Several major Game of Thrones cast members have been spotted in Seville, Spain, in early May 2018 with the exception of Clarke, who was taking part in the press tour for Solo: A Star Wars Story. Game of Thrones has returned to the ruins of Itálica for a multi-week shoot, which serves as the filming location of the Dragonpit in King’s Landing that made its debut in the season 7 finale. The shoot includes actors such as Sophie Turner (Sansa Stark) and Maisie Williams (Arya Stark), whose characters have yet to be at the Dragonpit, but several of the actors spotted—which include Vladimir Furdik (Night King) and previously departed actors Tom Wlaschiha (Jaqen H’ghar) and Faye Marsay (the Waif)—are raising some suspicion.
It’s possible that some of the actors are only in Seville to confuse set watchers from figuring out which characters will show up at the Dragonpit; some of their characters might be dead by the time we return to the Dragonpit and may be there as a ruse. If Arya is alive at this point, some of those characters could be there only as a “face” that she wears. The cast could even be there to—in part—shoot behind-the-scenes footage that will be released once the new season begins or to appear on season 8’s home release. But if Shae’s presence on the Game of Thrones set during season 6 taught us anything, it’s that just because an actor is on set doesn’t mean they’ll show up.
Where we left off at the end of Game of Thrones season 7
For much of Game of Thrones’ run, you could find many of the major characters scattered far from each other, spanning from Pyke to Meereen and the Dothraki Sea, Dorne and King’s Landing to Winterfell, the Riverlands and the Vale, the Wall and beyond it. In season 8, the show’s getting back to basics and bringing much of the cast together in a handful of locations as they prepare for the Great War.
We haven’t seen some characters like Meera Reed and Melisandre in awhile, but others are still fresh in our minds. Although we’re now focused on the Night King and Viserion’s blue flames taking down the Wall, let’s check in to see just where we left everyone at the end of season 7.
Despite agreeing to a truce, Cersei soon showed that she wasn’t willing to hold up her end of the bargain. With a fresh line of credit from the Iron Bank of Braavos, she ordered Euron Greyjoy to fetch the Second Sons so she could continue to fight for the Iron Throne for her and her and Jaime’s unborn child.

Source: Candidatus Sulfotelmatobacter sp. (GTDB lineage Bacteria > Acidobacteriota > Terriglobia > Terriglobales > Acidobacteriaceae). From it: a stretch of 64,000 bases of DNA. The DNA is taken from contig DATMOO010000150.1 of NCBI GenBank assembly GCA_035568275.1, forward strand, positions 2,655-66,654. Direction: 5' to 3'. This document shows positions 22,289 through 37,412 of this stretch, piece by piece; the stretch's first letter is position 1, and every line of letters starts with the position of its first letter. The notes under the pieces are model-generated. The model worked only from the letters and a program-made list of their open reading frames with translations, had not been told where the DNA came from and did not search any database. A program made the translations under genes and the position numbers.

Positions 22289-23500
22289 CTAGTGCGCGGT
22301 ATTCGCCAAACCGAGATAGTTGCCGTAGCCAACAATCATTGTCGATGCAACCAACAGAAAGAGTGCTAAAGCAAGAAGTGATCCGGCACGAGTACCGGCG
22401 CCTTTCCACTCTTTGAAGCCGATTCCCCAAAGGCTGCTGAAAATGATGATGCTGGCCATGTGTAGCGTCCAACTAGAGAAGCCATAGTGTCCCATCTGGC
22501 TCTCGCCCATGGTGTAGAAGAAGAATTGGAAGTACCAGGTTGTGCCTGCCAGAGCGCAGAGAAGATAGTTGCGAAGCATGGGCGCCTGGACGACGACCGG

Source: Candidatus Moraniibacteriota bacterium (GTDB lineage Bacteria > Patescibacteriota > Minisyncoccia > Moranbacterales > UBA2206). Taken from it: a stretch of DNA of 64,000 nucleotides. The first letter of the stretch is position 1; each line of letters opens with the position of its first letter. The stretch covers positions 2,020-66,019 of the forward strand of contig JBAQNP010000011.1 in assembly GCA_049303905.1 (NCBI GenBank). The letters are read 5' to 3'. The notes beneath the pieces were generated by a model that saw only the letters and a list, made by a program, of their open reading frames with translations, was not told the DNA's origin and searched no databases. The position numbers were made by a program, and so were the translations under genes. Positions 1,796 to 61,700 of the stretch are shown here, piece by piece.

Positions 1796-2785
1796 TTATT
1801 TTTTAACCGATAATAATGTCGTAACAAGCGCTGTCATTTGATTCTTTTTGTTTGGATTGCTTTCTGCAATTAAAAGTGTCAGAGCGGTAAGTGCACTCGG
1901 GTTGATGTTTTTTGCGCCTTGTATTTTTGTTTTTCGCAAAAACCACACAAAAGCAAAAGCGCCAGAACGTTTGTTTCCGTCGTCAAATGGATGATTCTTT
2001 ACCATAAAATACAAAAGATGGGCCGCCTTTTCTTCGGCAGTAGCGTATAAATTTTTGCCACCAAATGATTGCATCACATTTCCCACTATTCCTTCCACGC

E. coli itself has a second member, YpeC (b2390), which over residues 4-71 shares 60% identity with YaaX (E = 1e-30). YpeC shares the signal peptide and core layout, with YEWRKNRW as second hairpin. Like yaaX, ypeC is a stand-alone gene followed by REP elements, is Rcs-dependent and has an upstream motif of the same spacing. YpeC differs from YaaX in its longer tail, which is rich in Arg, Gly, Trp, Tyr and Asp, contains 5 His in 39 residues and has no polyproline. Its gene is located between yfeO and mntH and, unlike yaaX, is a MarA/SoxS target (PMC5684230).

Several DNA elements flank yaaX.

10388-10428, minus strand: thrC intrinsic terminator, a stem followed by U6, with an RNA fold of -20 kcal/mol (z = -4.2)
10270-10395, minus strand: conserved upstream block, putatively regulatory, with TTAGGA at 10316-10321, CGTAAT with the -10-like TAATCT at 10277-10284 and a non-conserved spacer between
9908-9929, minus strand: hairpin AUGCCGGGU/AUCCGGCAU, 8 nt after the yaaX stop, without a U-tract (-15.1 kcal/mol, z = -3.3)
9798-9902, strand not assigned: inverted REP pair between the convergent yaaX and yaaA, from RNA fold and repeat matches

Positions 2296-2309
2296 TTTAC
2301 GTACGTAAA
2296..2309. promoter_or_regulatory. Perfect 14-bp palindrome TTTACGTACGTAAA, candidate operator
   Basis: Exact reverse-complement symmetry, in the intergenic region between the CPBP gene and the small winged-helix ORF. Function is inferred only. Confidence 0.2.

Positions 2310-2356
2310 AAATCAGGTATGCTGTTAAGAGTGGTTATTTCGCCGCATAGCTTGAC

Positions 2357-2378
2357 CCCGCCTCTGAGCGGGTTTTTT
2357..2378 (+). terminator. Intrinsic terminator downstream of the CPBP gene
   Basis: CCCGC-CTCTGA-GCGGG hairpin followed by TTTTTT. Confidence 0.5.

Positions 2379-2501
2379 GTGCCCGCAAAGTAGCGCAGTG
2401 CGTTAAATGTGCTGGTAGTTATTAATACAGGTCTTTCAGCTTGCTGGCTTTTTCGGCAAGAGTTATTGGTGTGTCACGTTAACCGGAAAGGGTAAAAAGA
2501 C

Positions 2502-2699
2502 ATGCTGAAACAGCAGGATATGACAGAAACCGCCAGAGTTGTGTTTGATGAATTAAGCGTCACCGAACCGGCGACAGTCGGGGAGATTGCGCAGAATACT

Disgusted at the betrayal in the face of the Army of the Dead, Jaime finally left Cersei for good and left King’s Landing to ride north just as snow started to fall on the Westerosi capital.
Although not seen after the meeting in the Dragonpit, Sandor Clegane, Brienne of Tarth, and Podrick Payne are likely on their way to Winterfell—or at least up north.
Sansa and Arya Stark finally teamed up and executed Westeros’ biggest schemer for his many, many crimes against the Stark family and the realm. Samwell Tarly, having recently arrived at Winterfell from Oldtown, met with Bran Stark for the first time in years and put together the show’s biggest mystery: Jon Snow—whose real name is Aegon Targaryen—is the trueborn son of Rhaegar Targaryen and Lyanna Stark and the true heir to the Iron Throne.
- Everything we know about the ‘Game of Thrones’ prequel spinoffs
- The mystery of the Night King, the true enemy on ‘Game of Thrones’
- The top 15 ‘Game of Thrones’ episodes to watch and rewatch
- Dance of the Dragons: Behind the ‘Game of Thrones’ civil war
Dragonstone and at sea
After Jon, Daenerys Targaryen, and Cersei established a truce, Daenerys’ council planned their journey north to fight in the Great War. Instead of riding Drogon to Winterfell, Dany would join Jon, Tyrion Lannister, Davos Seaworth, and other members of her council on a boat sailing north to White Harbor alongside the Unsullied. From there, the Unsullied would sail to Eastwatch-by-the-Sea while everyone else would ride to Winterfell and eventually meet up with the Dothraki.
While Sam and Bran pieced together Jon’s parentage, Jon and Dany slept together (and committed accidental incest in the process). That probably won’t sit well with Tyrion, who saw Jon entering Dany’s quarters.
Theon Greyjoy, on the other hand, wouldn’t be sailing north. He and several other Ironborn fighters loyal to his sister Yara are heading back to King’s Landing to rescue his sister (and their queen) from his uncle Euron in King’s Landing.
We don’t see Gendry after “Beyond the Wall,” but he likely wasn’t at the Wall for the season 7 finale. Presumably, it was wiser to keep Robert Baratheon’s bastard son out of sight from the two queens vying for the Iron Throne.
Tormund Giantsbane and Beric Dondarrion stayed at Eastwatch-by-the-Sea after “Beyond the Wall,” and it was they who witnessed firsthand the destruction of the Wall by the Night King and Viserion. The last we saw them they had gotten across one section of the Wall before it crumbled to the ground, but their fates were left up in the air in those final moments.
Are they still alive? We won’t know for sure until season 8 but it’s likely that they are—or at least one of them still is. Come on, somebody has to get to Castle Black to let Dolorous Edd know that all hell is about to break loose.
Michelle Jaworski is a staff writer and the resident Game of Thrones expert at the Daily Dot. She covers entertainment, geek culture, and pop culture and has brought her knowledge to conventions like Con of Thrones. She is based in New Jersey.